Let’s assume that in the coming years general counsel who give a thought to law department benchmarks can readily find some of those basic metrics. If they can find them without submitting their own department’s data, they may decide not to submit if they know they compare unfavorably. If they foresee, for instance, that their total legal spending is out of line with their industry peers, they may conclude that they should let the sleeping dogs of embarrassing metrics lie.
If that decision happens very much, then law department benchmark participants will tip more and more toward those departments that believe themselves are well situated in comparison to the metrics. There will be a “race to the top” where relatively poor performers drop out and benchmarks will become tougher and tougher. They will also grow less and less representative.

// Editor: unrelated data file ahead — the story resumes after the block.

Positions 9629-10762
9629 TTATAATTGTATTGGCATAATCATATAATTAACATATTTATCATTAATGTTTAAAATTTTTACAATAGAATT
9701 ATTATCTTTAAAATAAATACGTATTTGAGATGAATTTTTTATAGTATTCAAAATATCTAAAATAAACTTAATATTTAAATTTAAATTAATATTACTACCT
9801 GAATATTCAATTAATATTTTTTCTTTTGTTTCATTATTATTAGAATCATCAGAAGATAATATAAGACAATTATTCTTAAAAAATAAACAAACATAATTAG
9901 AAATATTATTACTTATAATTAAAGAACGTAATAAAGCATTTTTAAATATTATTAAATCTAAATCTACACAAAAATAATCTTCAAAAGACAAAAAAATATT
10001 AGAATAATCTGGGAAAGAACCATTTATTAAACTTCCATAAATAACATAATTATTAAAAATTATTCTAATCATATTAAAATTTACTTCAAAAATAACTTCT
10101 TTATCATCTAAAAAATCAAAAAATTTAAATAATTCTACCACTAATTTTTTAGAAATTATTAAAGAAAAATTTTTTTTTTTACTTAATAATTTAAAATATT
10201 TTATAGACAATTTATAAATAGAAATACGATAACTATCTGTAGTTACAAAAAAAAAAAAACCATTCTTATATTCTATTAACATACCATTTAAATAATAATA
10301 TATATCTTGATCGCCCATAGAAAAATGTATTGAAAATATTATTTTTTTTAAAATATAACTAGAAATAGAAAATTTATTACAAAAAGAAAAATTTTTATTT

This would be a shame, because then the entire industry will have nothing but a distorted sense of the typical range of metrics. After all, you would not want to base your sense of body mass index on those BMI metrics gathered only from runners of marathons.